In order to speak in one voice, it should be clear to all what the problem is because in determining such, we will be able to come up with the right mix of solutions. The identification of problems and solutions constitute a plan of action. There are two problems in this pandemic: how quickly can we address Covid-19 and how do we reboot our economy?

Addressing Covid-19 is a health problem, which means we need to breathe and live data. Data will determine spread and allow us to put together a contagion protocol. Data will guide the ground in three ways: by default, we are all persons under monitoring, which necessitate monitoring via health screening and contact tracing to manage potential risks; those classified as patients under investigation from mild to severe that would need testing and self-quarantine; and Covid-19 cases, which would need medical handling. All these data are useful for impact, tracking and trending analyses. Data is the basis for what is known as actionable information for scenario building, horizon planning and policy formulation and adoption.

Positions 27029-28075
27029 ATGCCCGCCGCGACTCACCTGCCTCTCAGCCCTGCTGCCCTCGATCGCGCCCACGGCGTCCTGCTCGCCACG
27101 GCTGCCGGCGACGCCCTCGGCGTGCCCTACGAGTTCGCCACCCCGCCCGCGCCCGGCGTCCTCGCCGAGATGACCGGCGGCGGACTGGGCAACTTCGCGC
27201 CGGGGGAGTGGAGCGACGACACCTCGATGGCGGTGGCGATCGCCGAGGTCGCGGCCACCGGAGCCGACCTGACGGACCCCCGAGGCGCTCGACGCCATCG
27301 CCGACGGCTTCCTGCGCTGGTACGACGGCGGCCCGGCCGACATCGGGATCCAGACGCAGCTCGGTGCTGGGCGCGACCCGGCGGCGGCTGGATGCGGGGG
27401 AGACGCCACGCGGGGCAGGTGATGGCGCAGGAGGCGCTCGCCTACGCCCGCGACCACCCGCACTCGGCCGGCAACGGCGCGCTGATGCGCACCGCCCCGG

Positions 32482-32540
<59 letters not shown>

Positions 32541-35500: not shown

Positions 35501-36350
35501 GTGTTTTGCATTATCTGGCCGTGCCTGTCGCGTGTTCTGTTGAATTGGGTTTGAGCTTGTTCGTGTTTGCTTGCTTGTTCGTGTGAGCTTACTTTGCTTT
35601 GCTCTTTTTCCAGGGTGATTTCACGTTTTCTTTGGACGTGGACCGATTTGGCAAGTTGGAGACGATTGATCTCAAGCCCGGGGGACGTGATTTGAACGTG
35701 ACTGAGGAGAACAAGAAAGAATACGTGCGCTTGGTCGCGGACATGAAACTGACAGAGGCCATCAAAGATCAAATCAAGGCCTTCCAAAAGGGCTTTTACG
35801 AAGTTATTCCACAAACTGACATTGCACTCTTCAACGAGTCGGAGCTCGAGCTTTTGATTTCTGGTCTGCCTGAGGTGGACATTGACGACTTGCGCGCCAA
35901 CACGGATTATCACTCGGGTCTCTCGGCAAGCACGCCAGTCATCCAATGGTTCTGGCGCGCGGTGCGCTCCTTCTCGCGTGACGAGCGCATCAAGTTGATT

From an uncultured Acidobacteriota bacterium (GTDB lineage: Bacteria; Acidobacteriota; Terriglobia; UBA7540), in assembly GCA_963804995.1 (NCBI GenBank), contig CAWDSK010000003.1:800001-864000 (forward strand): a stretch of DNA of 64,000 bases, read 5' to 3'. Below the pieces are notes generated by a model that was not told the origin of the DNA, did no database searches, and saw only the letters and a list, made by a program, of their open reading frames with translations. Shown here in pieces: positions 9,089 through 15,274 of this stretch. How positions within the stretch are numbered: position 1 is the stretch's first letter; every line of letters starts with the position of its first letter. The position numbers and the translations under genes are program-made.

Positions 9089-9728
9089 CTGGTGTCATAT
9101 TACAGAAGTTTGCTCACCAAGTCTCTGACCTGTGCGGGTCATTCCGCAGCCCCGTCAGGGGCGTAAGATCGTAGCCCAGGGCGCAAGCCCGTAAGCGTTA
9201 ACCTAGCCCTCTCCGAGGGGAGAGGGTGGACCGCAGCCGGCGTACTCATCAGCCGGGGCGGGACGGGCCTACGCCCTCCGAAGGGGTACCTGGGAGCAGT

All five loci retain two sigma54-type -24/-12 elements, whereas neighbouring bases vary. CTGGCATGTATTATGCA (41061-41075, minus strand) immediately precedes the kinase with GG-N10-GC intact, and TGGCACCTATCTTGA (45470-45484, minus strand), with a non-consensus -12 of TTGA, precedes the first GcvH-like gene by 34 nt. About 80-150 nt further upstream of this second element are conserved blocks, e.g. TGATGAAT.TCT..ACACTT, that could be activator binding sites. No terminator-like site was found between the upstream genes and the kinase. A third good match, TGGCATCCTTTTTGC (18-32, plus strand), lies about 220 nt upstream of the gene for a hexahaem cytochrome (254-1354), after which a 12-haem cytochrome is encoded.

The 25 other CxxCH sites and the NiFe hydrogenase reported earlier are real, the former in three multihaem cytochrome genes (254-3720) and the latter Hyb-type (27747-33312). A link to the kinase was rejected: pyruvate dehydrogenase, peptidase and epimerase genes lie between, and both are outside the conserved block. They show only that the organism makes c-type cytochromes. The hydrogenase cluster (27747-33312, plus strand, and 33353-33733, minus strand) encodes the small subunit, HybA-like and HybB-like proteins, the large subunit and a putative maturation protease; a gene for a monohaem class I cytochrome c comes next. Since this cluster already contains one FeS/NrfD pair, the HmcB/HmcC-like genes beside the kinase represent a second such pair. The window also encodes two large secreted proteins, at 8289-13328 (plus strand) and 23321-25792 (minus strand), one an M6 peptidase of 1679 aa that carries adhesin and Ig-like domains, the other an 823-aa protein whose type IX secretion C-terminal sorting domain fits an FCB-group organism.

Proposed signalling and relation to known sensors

The debate on mass testing or targeted testing all boils down to data at the ground level. Day in and day out, we see that the data at the national and the local levels are not the same. That does not give us, the public, the assurance we need that everyone is on the same page. We cannot afford to window-dress official data because we will come up with wrong solutions to a health issue.